Farewell Gifts

This will probably be the last post about my previous employment, unless I have forgotten something. When I quit a little more than four months ago I wanted to leave something behind, after all I had spent five years of my young adult life there, they should at least have something to remember me by. I had several plans, but not all of them were possible to realize. In the end three projects were prepared but only two were actually successfully executed.

The most subtle surprise was a system message on the PBX which only gets played back when someone internally calls a phone that is turned off. Most often people set their phone status to gone for the day instead of turning it off (or not status at all), so I figured it would take some time until they discovered my hidden message.

They actually called me two weeks later to query me about it, they had noticed it withing the first week, I think it was. I ended up sending them instructions on how to change the message for something else, but I’m not sure if they actually did so.

The message itself was recorded around midnight when I was packing up my office, while my client was doing data backups, and went along the lines of “Hello, no this is Andreas! The person you called has dropped their phone in the toilet so I am installing this new one right now. It will be ready soon so call back in a few minutes, ok? Bye!“.

My second gift was a poster I put up outside of my office, as you might have noticed in my video in this post. I spent the late evenings that same week looking through years of photographs, all the time during which I had been employed there. In total I collected and used 620 photos, taken with eleven different cameras/phones (not all mine) and sorted in chronological order. A few pictures were added to include my name, the dates which I had been employed, the year thresholds and a last picture saying “Tack!” which is Swedish for “Thanks!”.

Every picture collected carries some importance to me, they depicting memorable moments and most of them has a story that might not be very obvious by just looking at the picture. The response to the poster has been awesome, among other things I was told that “Everyone that quits should create a poster like this!” which sure is a nice thing to hear!

The third thing I had prepared was a custom desktop that would mimic the default one but use my photos and contain a small surprise. As Swedwood is owned by IKEA we were at that time running IKEA’s internal IT systems (right now Swedwood is migrating to their own). It’s probably a bad idea to go into more detail, but while using the IKEA system we got their internal desktop background, a live page with links and a few pictures of products. I was able to edit the local client profile for the background URL in the management utility, but no matter what I tried it would not go live.

As I had spent some time creating my own background I ended up calling the IKEA helpdesk and submitting a ticket about this, pleading for help to do this last surprise for my coworkers of five years, but they could not help as it seems the value for the background was locked on a higher level.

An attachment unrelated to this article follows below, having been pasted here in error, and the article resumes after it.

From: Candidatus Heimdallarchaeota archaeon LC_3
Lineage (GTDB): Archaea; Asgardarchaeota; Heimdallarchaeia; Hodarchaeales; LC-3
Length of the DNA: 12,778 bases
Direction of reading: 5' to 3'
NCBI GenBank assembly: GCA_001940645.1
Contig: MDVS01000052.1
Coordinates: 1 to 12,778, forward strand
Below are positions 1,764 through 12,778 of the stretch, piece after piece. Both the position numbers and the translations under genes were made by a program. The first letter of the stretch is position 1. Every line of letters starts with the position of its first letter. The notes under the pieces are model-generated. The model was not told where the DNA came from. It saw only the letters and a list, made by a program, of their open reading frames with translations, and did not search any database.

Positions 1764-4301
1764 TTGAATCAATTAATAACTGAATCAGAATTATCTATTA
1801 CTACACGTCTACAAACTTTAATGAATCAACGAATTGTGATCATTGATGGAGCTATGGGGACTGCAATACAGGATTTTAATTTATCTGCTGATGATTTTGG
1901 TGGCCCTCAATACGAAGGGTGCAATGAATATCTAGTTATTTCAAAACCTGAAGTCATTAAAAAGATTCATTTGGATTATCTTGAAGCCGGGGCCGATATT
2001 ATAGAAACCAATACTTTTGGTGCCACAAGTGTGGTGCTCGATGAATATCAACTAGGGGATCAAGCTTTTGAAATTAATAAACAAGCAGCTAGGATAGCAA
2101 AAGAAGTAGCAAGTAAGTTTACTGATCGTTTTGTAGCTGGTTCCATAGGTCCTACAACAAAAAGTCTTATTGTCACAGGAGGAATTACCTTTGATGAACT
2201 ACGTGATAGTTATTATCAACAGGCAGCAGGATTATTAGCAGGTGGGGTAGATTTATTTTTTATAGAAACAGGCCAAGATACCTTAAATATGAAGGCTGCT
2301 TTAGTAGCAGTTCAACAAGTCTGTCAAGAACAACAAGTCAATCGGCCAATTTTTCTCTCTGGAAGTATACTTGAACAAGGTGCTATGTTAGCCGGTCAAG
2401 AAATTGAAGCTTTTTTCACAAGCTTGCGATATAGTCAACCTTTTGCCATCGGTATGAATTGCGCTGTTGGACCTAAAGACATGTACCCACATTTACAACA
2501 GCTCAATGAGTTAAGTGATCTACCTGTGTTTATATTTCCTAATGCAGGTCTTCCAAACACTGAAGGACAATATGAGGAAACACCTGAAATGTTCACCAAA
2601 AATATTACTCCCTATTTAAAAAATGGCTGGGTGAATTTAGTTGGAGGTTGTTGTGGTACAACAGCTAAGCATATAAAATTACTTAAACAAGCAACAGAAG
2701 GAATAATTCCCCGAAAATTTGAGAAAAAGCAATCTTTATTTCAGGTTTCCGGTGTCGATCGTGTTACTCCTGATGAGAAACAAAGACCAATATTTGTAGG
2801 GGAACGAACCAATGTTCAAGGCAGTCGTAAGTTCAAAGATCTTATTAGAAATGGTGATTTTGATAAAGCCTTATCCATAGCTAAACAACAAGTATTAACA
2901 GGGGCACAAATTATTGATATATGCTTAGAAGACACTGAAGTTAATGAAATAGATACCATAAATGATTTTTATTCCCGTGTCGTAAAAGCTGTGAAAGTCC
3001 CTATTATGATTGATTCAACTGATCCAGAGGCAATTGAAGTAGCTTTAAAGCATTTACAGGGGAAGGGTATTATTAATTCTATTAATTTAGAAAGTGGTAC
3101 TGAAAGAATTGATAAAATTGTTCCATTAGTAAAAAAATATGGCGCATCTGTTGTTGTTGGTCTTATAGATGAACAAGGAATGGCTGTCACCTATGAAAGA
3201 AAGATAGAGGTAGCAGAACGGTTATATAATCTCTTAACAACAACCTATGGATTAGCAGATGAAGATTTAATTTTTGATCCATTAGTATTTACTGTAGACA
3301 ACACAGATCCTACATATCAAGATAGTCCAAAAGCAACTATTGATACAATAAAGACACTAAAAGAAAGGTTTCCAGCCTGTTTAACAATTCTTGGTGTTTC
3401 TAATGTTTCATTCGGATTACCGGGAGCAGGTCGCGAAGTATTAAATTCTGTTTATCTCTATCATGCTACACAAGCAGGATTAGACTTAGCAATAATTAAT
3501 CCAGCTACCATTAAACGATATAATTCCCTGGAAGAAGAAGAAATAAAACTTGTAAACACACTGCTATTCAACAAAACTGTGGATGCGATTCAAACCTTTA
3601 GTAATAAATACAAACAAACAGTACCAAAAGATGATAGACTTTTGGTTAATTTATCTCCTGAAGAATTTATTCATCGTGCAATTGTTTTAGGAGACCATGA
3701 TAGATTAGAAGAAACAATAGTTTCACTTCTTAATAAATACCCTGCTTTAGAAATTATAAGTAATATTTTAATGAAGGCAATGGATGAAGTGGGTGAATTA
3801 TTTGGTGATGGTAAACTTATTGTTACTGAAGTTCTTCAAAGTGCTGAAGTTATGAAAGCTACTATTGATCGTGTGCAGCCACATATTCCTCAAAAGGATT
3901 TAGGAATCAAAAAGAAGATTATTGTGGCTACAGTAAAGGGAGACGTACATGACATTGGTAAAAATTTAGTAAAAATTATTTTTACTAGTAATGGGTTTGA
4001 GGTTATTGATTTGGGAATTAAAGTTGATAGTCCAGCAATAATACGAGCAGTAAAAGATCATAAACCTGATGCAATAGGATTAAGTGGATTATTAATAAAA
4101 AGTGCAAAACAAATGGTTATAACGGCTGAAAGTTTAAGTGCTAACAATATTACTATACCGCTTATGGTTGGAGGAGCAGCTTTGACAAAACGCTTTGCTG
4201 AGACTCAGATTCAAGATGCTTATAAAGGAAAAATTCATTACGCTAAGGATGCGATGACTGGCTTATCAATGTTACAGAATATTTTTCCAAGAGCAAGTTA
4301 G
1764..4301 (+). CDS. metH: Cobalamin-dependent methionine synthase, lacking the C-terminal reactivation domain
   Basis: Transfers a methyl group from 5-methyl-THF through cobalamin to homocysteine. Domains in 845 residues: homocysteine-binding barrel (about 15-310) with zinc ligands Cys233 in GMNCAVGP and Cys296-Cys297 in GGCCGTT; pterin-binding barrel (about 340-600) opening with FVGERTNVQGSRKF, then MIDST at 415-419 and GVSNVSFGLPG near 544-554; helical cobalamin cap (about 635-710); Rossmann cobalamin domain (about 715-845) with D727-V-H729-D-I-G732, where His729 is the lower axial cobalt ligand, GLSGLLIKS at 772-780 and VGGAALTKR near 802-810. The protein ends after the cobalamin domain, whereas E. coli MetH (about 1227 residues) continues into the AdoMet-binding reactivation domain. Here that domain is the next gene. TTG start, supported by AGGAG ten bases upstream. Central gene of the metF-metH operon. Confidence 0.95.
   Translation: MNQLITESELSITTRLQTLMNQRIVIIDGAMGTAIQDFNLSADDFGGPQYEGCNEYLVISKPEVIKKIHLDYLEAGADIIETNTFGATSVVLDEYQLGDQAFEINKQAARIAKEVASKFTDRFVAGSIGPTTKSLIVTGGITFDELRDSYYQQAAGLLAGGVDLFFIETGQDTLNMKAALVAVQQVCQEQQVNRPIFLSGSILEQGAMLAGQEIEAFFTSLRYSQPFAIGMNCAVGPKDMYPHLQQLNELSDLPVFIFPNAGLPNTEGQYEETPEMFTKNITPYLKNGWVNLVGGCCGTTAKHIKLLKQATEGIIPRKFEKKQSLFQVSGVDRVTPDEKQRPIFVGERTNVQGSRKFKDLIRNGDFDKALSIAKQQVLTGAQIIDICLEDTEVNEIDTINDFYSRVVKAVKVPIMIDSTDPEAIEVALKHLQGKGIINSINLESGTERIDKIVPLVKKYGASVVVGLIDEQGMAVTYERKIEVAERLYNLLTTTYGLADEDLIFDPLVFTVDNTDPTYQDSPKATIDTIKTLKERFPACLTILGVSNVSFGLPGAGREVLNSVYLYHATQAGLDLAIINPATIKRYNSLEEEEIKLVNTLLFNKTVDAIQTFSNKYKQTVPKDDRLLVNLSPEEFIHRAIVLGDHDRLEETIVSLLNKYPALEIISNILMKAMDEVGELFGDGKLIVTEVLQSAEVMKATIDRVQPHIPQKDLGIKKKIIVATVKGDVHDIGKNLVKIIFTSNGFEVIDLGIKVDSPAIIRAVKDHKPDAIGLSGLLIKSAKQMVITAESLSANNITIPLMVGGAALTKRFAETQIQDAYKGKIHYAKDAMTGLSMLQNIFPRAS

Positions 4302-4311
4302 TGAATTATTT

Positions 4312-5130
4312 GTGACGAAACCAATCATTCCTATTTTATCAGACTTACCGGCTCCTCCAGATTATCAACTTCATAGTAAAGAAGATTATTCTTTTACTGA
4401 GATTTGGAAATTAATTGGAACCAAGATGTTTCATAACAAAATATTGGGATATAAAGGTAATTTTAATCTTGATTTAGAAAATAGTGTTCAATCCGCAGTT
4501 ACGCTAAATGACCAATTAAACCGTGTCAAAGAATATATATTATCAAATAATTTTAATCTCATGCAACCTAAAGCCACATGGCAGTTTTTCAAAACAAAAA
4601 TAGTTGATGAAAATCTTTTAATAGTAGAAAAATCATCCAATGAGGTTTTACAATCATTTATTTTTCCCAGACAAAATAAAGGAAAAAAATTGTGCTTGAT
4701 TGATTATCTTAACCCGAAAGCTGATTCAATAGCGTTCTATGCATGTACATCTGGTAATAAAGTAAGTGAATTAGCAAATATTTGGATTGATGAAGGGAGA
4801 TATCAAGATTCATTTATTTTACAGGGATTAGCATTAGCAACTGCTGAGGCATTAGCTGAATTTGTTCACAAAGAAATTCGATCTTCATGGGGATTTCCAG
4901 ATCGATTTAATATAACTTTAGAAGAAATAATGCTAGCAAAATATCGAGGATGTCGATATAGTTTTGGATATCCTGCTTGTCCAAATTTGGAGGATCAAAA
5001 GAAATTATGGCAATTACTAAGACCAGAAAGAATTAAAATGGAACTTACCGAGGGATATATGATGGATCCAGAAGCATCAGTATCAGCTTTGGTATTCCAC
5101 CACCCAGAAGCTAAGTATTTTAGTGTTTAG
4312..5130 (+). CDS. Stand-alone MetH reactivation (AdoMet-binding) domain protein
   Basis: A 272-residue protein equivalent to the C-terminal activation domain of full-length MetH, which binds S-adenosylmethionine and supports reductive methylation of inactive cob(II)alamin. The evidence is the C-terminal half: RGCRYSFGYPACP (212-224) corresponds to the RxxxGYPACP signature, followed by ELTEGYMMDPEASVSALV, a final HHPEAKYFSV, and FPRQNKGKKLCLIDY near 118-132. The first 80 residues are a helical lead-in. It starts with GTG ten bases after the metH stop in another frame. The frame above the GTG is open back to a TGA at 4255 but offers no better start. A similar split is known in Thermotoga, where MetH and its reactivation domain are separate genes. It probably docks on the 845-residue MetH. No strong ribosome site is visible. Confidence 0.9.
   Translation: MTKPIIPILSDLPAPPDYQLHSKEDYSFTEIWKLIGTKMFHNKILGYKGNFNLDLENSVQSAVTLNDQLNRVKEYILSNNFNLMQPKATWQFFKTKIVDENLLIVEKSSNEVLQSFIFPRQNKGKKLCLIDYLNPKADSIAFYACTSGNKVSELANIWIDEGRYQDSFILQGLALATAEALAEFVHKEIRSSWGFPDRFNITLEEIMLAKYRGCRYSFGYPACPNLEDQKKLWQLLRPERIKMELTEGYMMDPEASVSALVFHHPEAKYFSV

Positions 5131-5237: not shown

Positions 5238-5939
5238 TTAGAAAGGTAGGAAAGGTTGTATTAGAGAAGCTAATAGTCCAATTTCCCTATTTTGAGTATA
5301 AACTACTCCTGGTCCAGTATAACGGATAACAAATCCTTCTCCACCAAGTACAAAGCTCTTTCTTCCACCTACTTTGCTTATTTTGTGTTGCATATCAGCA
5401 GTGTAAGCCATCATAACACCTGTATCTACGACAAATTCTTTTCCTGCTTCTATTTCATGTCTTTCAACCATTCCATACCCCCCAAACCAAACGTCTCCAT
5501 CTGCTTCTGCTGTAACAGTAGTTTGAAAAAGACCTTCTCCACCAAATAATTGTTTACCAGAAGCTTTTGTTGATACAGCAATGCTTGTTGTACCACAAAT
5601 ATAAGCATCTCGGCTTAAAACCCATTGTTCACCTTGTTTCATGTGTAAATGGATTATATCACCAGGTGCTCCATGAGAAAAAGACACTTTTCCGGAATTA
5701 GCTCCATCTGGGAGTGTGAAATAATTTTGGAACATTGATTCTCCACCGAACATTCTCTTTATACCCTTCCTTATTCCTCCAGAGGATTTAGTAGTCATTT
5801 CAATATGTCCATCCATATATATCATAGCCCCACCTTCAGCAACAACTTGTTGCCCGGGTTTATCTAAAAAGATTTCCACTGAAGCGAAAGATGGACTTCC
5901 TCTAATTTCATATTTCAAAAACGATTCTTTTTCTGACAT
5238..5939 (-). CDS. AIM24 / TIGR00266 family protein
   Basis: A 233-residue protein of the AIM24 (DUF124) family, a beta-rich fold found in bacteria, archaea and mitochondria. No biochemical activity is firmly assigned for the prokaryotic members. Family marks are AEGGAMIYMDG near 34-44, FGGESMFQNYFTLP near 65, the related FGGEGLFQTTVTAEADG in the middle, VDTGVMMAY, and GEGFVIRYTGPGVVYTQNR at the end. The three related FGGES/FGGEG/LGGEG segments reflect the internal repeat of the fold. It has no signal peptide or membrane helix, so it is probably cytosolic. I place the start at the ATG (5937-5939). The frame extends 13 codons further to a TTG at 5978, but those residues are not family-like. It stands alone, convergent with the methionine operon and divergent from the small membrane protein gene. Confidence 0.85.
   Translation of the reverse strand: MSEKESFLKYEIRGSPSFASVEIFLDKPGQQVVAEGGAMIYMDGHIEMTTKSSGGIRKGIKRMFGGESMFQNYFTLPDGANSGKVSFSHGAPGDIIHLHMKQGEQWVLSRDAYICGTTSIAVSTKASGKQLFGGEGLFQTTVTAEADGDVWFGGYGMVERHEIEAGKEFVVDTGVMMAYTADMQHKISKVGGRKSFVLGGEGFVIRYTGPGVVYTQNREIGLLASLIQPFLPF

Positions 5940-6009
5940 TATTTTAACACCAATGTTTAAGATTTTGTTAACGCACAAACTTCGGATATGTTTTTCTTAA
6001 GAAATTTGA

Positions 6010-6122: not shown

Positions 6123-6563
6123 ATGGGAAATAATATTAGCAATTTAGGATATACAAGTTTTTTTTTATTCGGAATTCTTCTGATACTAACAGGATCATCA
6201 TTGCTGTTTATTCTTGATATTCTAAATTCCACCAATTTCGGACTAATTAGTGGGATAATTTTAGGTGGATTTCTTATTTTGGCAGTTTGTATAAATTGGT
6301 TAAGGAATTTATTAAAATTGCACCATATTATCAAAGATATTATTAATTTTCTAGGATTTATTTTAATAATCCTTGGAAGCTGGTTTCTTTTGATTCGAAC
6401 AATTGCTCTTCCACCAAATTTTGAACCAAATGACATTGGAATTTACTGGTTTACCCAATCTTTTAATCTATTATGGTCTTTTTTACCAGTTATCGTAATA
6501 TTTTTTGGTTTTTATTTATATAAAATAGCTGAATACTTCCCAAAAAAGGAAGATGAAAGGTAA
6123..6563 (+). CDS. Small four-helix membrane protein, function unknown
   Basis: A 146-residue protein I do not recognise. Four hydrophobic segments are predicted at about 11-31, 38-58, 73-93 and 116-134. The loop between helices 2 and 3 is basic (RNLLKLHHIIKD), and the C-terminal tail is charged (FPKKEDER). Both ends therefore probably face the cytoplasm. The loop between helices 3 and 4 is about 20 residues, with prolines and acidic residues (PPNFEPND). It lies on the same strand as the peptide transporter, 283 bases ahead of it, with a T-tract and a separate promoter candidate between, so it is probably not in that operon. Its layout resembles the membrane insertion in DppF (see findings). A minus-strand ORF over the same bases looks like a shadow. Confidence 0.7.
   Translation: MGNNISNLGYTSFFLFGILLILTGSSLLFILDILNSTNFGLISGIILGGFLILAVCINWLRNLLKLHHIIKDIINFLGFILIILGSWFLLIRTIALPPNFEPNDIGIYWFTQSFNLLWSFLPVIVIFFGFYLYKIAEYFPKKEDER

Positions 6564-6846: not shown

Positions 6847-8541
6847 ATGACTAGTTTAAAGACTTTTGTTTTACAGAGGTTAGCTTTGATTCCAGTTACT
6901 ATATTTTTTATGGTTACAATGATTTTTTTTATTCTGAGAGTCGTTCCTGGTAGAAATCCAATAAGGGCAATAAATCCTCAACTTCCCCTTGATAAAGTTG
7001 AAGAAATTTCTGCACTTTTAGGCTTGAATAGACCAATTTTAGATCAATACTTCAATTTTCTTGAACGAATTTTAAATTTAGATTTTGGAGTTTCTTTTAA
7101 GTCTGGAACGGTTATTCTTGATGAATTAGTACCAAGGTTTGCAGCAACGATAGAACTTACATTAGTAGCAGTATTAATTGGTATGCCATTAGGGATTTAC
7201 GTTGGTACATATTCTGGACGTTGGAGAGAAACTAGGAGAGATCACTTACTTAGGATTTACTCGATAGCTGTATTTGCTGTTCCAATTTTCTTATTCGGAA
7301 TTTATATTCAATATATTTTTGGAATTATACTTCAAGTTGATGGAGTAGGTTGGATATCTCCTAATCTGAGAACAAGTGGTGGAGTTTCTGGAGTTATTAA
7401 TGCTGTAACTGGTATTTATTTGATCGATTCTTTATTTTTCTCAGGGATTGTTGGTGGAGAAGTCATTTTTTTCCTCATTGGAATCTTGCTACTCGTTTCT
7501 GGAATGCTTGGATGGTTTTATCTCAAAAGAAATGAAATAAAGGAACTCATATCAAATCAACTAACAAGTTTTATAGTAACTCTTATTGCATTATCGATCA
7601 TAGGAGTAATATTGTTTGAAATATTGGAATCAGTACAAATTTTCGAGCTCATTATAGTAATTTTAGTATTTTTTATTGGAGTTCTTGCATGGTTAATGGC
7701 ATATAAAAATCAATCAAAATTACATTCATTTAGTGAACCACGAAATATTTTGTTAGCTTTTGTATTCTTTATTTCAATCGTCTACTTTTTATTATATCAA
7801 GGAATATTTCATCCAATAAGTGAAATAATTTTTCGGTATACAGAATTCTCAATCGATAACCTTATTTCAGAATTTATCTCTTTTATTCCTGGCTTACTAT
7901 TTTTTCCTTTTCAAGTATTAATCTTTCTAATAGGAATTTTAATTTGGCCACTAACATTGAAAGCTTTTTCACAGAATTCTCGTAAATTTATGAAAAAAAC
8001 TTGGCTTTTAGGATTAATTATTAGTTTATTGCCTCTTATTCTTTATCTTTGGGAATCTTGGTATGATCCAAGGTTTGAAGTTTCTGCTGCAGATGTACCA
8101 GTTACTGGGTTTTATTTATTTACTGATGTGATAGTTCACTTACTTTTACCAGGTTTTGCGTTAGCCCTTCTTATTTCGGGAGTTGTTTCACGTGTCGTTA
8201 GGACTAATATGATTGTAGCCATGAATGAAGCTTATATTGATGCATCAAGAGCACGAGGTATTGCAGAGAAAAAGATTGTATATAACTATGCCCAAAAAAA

Much later I got forwarded an email chain from far up the IT chain from both Swedwood and IKEA where they had discussed my helpdesk ticket, and the final say was that fiddling with things like this was pretty much sabotage and very unprofessional! Of course, to me, it seemed quite innocent as just changing the desktop is a trivial thing. But, if you are the person responsible for the stability of the general IT systems throughout the entire IKEA organization I guess messing with stuff like this seems like a very unnecessary risk and entirely pointless. It made me a bit sad, but I could understand where they were coming from so I let it rest.

Here, for you pleasure only, is the original background and my edited background. The version that I had planned to go live had a pause for about 15 minutes before it would play the animation. In this version the pause is only five seconds.

Oh, and a last detail. To understand the animation you might need to know that I have a half-lazy eye, so when I am tired I very often has only one eye open. This bad habit is further promoted by a refraction error in my right eye which makes that eye much more prone to get blinded by light, so outdoors on  a sunny day you can often see me with my right eye closed. This is also why I have glasses that are photo-chromatic, it helps.

As a side effect from this habit is that it kind of helps me identify with how one-eyed people perceives the world, but it also helps me see illusions in everyday life as I lose much of my depth perception with one eye closed. I do need to try to keep them both open though, to appear normal, you know. If you have ever met me you have probably seen this behavior of mine.

About Andreas Aronsson

Professional app- & web-developer. Spare time multimedia experimenter, VR-enthusiast, motorcyclist. In Sweden.
This entry was posted in Real Life, Uncategorized and tagged , , , , . Bookmark the permalink.

One Response to Farewell Gifts

  1. ZackDark says:

    Ha, that was really cool, man.
    I had a nice chuckle when the animation played.

Leave a Reply